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Tires & Wheels

How Long Can You Drive On Bald Tires? – Shocking Truth!

How Long Can You Drive On Bald Tires
Written by Nick Steiner

Driving on bald tires is dangerous for you and anyone in your vehicle. The lack of tread leaves you vulnerable to accidents and blowouts. Knowing what to look for and avoiding bald tires will save your loved ones and other drivers.

Here we will learn why tires go bald, the signs of a balding tire, what causes tires to go bald, and how long you can drive on a bald tire.

How Long Can You Drive on Bald Tires?

How Long Can You Drive on Bald Tires

The truth is that driving on a bald tire is never a good idea because compromises the safety of you and your passengers and other drivers. Bald tires have no traction on the road, leaving you vulnerable to dangerous situations.

Tires are required to have 3/32 or more tread at all times.

Common reasons tires go bald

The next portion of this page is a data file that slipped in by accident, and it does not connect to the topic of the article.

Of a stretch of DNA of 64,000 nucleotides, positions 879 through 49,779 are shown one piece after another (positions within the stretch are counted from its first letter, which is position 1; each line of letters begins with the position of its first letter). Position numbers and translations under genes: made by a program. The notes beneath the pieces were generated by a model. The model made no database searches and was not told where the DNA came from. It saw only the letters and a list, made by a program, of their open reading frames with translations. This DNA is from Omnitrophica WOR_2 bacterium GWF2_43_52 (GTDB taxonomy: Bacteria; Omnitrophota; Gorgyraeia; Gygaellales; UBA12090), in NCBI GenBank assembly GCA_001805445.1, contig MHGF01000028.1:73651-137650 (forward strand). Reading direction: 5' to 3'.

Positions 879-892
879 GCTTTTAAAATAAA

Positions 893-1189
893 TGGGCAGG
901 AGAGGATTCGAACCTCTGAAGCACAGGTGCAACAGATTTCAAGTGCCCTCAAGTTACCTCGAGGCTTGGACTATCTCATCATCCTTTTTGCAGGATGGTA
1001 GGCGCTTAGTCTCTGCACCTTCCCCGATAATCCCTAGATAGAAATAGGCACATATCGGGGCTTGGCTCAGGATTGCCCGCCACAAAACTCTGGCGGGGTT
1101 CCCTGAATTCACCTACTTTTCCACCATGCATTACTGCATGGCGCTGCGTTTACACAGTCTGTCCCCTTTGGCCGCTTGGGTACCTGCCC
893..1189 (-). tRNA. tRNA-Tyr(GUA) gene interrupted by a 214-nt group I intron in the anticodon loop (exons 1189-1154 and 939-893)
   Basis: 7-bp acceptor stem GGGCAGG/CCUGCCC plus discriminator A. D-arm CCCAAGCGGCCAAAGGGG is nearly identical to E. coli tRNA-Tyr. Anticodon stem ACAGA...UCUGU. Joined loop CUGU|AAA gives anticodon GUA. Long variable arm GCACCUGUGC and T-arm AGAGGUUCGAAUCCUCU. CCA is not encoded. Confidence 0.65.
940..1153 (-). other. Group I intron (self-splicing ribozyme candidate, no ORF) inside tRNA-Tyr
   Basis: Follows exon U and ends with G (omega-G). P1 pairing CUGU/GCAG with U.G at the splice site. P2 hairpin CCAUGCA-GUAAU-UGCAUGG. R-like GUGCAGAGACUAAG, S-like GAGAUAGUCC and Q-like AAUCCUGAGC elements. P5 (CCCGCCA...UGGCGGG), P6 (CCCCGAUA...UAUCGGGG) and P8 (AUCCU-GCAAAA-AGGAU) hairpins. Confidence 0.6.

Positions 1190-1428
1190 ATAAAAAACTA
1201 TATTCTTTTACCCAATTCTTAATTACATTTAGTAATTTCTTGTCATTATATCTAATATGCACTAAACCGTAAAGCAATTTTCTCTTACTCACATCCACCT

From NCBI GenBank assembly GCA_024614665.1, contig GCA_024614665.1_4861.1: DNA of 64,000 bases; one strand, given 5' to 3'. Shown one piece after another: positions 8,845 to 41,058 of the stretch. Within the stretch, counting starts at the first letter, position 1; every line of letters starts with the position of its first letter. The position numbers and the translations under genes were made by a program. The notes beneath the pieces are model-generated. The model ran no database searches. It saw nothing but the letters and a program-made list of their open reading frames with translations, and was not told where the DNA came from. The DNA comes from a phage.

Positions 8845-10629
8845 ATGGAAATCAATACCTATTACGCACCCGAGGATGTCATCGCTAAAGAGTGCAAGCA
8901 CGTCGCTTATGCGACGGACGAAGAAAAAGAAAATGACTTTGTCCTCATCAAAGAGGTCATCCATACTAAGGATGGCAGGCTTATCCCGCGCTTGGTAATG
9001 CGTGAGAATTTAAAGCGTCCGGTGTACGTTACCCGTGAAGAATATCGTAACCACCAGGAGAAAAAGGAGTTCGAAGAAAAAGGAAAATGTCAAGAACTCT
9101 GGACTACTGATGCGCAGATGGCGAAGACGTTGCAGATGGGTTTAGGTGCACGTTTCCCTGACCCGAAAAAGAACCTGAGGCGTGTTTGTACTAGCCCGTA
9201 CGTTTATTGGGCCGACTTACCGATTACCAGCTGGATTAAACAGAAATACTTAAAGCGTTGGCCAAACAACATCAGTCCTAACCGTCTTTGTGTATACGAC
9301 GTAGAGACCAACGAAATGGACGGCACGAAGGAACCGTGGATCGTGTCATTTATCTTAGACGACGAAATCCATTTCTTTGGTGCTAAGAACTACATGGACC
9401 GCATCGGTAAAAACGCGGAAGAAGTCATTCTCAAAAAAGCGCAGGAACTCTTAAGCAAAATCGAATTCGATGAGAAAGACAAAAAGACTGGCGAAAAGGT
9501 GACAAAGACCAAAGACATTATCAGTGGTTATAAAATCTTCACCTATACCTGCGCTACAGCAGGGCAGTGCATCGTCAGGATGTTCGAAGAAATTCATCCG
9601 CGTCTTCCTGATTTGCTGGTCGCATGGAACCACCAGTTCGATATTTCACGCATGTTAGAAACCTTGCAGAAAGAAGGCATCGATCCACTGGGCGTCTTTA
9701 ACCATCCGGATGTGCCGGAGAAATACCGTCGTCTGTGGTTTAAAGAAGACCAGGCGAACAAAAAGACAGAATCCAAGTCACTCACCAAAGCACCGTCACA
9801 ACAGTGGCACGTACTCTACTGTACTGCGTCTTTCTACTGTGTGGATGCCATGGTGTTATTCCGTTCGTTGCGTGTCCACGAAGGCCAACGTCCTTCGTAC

• Neglected tire and vehicle maintenance

Poor tire maintenance increases the wear and tear on your tires, causing you more money in repairing or buying new tires. Poorly maintained tires are at risk of becoming unbalanced, improperly inflated, and increasing the chances of a tire becoming poorly aligned. Any of these will bald your tires over time.

  • Underinflated and overinflated tires

All the weight in the vehicle rides on your tires. Tires that are not at the recommended pressure are more likely to be overinflated or underinflated. Tires are designed to have the recommended PSI to maintain traction on the roads in all weather.